Message from Staff
Our theme in Living Christianly this week is not to harm others – to be kind. There are times in life that we think that life is unfair, we’re being dealt a raw hand. On many occasions the hurt can come as a result of actions of others towards you. It is very easy to respond in a negative way and making the situation even worse. A lot of the time the hurt has come from a communication breakdown. Someone has done or said something that was meant one way and you’ve taken it another way. Or maybe someone has done something that is out of character for their normal behaviour, but it has upset you. They didn’t intend to hurt you, but they have done something that you didn’t like. We see this happen all the time at school.
God tells us all through the bible about not responding to hurts in a negative way. In Romans 12 he tells us:
17 If someone does you wrong, don’t try to pay them back by hurting them. Try to do what everyone thinks is right. 18 Do the best you can to live in peace with everyone. (17-19)
1 Peter 3 says:
Do not repay evil with evil or insult with insult. On the contrary, repay evil with blessing, because to this you were called so that you may inherit a blessing.
A positive response to something hurtful is to try and consider what was going on for the other person that hurt or offended you. I saw a very interesting clip on the net the other day that I shared with the class. A man had taken his young son into the hospital with critical injuries. It seemed to be taking forever for the surgeon to arrive to operate on his son. When the surgeon finally arrived it seemed to the father that he was taking forever to prepare himself for the surgery. Finally, the father couldn’t take it anymore and he berated the surgeon for taking so long to get there and not rushing in to perform the surgery, telling him if it was his son he wouldn’t be mucking around like that. The surgeon smiled and tried to reassure the father that the preparations were necessary and that his son would be OK. When the operation was over the surgeon came out and told the father the operation had been a success and that he had to leave but one of the nurses would be able to explain things to him more fully. This angered the father even more and when the nurse arrived he bitterly complained about the arrogance of the surgeon. The nurse listened and then quietly informed the father that the surgeon was late, as he’d been called away from his own son’s funeral to come in and perform the surgery and he had to leave quickly to be with his family and the gathering afterwards. If only the father had known…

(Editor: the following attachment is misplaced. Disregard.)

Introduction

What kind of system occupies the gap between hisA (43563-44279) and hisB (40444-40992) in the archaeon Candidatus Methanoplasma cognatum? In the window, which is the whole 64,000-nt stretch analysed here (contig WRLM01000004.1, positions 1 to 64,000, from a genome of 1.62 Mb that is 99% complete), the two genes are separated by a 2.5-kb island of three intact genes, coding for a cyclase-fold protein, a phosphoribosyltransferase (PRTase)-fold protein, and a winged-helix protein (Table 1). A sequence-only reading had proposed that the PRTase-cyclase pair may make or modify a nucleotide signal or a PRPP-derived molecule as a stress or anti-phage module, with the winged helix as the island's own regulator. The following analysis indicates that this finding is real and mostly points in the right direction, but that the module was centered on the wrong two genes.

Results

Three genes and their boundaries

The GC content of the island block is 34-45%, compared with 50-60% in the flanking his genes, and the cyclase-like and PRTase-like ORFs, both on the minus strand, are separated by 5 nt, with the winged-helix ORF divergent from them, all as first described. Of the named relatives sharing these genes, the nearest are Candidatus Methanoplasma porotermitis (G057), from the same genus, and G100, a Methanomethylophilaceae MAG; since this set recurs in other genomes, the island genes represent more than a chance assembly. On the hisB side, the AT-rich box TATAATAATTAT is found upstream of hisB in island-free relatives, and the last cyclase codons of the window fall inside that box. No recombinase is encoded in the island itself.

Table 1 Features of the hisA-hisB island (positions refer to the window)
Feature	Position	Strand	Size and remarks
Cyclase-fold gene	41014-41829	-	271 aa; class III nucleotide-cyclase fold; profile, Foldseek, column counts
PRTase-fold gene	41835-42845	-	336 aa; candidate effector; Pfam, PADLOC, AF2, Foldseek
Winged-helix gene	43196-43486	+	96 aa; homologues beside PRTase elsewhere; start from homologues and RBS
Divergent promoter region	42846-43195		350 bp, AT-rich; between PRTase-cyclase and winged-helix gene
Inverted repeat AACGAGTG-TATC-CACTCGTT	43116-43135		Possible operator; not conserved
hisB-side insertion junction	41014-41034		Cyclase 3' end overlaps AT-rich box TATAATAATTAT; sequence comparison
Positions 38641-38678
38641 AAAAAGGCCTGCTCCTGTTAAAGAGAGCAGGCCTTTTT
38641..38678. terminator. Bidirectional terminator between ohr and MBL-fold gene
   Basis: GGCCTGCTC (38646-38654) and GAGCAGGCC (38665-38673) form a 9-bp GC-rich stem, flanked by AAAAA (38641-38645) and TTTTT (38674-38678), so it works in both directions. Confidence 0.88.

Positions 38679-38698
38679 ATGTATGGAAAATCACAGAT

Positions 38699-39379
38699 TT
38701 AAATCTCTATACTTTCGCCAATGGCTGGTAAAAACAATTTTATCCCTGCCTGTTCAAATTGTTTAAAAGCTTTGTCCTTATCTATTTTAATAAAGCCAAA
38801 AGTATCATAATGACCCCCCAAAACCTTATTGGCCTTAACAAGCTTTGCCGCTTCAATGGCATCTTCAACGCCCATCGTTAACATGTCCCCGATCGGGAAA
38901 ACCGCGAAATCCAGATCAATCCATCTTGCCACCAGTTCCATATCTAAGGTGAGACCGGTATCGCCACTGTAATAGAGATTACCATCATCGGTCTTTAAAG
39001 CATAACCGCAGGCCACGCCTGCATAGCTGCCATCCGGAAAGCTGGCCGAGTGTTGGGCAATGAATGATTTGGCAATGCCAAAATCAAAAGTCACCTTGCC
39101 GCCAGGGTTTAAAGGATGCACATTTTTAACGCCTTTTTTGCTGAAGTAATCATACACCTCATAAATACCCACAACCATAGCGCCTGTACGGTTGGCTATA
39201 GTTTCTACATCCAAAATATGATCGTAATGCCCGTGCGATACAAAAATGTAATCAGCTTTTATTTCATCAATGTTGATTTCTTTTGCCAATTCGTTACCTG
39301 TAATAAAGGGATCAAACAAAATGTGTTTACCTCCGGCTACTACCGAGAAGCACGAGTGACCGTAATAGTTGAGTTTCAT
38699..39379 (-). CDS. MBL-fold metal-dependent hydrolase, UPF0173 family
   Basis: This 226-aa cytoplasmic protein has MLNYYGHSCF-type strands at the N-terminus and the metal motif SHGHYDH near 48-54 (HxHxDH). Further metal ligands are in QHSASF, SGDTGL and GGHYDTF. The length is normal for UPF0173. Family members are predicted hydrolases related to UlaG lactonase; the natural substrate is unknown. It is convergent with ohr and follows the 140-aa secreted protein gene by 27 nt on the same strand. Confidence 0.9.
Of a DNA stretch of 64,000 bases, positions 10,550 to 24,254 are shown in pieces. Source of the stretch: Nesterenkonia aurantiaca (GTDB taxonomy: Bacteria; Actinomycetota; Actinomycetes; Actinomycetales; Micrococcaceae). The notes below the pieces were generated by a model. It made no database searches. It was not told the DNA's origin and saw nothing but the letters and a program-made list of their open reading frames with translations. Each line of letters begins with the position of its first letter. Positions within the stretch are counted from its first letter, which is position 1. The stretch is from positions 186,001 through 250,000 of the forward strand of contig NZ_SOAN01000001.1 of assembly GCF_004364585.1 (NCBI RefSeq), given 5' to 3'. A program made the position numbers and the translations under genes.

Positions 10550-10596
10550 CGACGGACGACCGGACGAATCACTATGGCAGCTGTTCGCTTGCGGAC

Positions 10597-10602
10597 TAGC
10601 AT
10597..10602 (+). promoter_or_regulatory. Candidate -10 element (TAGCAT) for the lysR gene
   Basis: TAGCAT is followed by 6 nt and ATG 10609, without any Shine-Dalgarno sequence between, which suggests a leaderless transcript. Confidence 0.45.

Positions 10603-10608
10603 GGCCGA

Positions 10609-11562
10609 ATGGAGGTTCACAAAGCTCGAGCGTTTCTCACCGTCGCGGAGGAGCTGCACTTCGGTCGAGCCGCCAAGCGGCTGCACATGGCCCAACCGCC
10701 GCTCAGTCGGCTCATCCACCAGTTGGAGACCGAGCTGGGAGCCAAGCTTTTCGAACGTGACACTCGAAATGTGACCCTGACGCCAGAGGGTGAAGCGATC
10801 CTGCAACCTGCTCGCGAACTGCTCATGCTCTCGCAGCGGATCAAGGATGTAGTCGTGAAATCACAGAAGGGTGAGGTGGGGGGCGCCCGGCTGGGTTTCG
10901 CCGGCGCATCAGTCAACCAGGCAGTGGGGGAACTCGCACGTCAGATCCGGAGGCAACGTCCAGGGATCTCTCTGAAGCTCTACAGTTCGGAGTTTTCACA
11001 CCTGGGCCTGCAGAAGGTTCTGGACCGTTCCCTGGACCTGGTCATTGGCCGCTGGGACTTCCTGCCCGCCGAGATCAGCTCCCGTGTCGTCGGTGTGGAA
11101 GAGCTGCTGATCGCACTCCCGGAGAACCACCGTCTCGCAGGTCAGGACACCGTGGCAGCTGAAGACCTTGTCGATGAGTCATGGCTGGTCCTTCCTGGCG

James 1 tells us we must be quick to hear, slow to speak and slow to anger. Taking the extra bit of time to think about something that has happened rather than reacting to it at the time, is generally a wise course of action. At school we always try to hear both sides of a story from the children involved, before taking a course of action and we like both parties involved to also hear the other person’s perspective. You can see the children suddenly react like the father of the injured boy, when they realise they’ve got the situation wrong or have reacted inappropriately. They have the opportunity then to put things right. If we can teach them to take that extra bit of time, and maybe repay a hurt with an act of kindness, I’m sure they will learn a lesson that will greatly benefit them in life.